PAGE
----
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Herald-Times presents facts, but obscures truth

By Scott Tibbs, March 06, 2008

-------- Original Message --------
Subject: Herald-Times presents facts, but obscures truth
Date: Sun, 02 Mar 2008 20:58:51 -0500
From: Scott C. Tibbs <tibbs1973@yahoo.com>
To: schurz@heraldt.com

Mr. Schurz,

Imagine for a moment this story of two hypothetical men, "Cam" and "Jake". "Cam" is carrying his infant child in a backpack designed for carrying a child. "Cam" sees "Jake", a man he does not like, on the street and violently attacks him without provocation. As he is being punched and kicked by "Cam", "Jake" responds by punching "Cam" in the face. "Cam" falls flat on his back, crushing and fatally wounding his baby. Who is at fault for the tragic death of an innocent child? Is it "Jake", who caused "Cam" to fall on his back? Or does the blame fall on "Cam", who instigated the fight by attacking "Jake"?

The front page of the Nation/World section in today's Herald-Times may have been factually correct, but it obscures the truth. It is unfortunate that the H-T chose a banner headline prominently announcing Israel's retaliation to Palestinian rocket attacks on Israeli civilians, but gave very little attention to the terrorist action that provoked the Israeli response. If the H-T applied the same headline to the hypothetical story of "Cam" and "Jake", the headline would read "Baby dies after man punches father in face, causing father to fall on baby."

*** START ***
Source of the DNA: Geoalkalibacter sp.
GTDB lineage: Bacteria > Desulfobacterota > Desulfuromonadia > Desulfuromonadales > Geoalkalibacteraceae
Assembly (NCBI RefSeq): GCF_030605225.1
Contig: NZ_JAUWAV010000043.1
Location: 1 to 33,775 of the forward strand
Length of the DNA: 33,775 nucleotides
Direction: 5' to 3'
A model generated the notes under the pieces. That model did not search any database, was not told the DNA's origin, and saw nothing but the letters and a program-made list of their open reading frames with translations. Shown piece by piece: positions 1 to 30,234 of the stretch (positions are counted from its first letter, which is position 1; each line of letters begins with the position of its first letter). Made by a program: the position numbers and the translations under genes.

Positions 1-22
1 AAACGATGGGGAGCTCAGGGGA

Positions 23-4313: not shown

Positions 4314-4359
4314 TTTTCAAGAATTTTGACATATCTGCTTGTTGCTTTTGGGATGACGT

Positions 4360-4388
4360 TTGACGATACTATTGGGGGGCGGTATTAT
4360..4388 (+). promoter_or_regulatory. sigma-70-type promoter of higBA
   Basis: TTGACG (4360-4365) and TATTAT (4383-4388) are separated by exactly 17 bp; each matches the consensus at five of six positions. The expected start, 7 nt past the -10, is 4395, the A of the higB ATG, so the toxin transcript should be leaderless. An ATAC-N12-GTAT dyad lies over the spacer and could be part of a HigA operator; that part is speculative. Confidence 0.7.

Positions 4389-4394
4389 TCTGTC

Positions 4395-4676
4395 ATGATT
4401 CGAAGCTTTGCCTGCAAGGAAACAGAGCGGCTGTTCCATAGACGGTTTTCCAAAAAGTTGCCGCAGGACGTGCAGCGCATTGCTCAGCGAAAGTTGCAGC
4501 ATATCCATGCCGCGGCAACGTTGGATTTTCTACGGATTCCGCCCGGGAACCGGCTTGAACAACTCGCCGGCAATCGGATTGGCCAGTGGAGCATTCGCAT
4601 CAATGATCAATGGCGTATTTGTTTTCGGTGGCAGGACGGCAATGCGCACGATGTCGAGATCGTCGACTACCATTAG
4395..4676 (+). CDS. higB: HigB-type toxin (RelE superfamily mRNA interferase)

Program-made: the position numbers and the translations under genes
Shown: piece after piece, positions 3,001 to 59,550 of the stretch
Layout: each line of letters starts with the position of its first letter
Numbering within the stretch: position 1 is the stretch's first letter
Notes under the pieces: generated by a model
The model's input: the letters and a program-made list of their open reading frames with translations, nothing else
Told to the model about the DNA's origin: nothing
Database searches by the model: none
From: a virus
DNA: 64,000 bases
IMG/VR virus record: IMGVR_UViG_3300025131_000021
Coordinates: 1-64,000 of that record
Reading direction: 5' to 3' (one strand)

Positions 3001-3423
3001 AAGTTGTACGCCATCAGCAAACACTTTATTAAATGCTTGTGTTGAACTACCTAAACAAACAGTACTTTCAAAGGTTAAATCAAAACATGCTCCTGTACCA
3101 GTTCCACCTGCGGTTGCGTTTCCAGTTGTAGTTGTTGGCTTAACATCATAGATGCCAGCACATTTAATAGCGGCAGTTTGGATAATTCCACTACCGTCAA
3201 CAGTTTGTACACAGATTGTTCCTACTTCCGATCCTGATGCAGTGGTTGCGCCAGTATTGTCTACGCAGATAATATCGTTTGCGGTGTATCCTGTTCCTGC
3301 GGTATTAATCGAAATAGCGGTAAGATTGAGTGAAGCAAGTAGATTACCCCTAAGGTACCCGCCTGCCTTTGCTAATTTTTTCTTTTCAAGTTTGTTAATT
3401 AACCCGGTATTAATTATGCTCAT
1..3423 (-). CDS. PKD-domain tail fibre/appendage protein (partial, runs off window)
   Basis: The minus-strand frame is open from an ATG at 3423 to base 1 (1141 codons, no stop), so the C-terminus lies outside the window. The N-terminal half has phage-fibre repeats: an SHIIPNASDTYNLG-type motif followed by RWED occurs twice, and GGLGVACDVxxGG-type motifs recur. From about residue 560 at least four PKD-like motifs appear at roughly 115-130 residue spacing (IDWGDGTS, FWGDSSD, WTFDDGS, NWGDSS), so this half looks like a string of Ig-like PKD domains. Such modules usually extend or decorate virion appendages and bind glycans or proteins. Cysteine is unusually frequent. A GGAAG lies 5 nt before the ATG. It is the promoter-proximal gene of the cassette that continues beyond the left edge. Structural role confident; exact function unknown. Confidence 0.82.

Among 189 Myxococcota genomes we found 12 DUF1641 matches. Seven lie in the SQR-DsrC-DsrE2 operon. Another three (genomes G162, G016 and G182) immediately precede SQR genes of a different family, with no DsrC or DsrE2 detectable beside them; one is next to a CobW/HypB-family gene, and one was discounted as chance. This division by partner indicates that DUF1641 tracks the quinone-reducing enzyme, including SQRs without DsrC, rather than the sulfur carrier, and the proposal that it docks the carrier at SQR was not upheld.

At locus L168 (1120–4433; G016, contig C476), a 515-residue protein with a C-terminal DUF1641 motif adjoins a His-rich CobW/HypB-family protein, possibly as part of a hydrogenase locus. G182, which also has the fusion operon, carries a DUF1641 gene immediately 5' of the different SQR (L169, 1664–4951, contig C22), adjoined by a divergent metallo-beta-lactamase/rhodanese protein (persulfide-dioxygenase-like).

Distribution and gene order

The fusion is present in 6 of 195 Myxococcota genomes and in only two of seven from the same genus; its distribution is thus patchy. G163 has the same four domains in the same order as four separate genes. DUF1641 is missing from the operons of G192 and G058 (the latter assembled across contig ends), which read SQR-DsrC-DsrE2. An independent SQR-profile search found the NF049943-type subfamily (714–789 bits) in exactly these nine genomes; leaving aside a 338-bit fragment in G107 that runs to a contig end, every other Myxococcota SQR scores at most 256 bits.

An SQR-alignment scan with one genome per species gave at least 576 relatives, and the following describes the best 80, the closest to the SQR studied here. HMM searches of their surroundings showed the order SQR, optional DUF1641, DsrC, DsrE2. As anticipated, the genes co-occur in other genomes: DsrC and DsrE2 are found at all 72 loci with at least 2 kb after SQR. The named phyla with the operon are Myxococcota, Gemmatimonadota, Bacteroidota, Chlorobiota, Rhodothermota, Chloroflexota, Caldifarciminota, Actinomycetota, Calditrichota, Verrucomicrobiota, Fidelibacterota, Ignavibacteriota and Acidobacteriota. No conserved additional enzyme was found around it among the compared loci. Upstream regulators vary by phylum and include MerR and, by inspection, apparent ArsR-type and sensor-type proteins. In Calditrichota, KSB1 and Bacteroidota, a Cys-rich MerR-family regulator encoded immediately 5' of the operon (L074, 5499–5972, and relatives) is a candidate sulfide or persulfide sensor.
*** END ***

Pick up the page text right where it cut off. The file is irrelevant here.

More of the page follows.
Ideally, a newspaper story should be both a factual and truthful accounting of the facts of a particular event. It is possible to be factually correct yet still not true, and that is what happened with the front page of today's Nation/World section. A more truthful headline would have brought attention to both the Israeli retaliation and the despicable acts of terrorists who attack civilians while hiding behind innocent people like spineless, sniveling cowards. For example, the headline could have been "Israeli response to Palestinian rocket attack kills 54."

I understand that the article itself was an Associated Press story, not written by H-T staff. However, the Herald-Times is fully responsible for the headlines it chooses in order to draw attention of readers to a news story. Whether it was your intention or not, your headline editorializes against Israel by presenting the story in a way that slants sympathies to Palestinian terrorists. I would urge the H-T to pay closer attention to the headlines it chooses and the message those headlines send.

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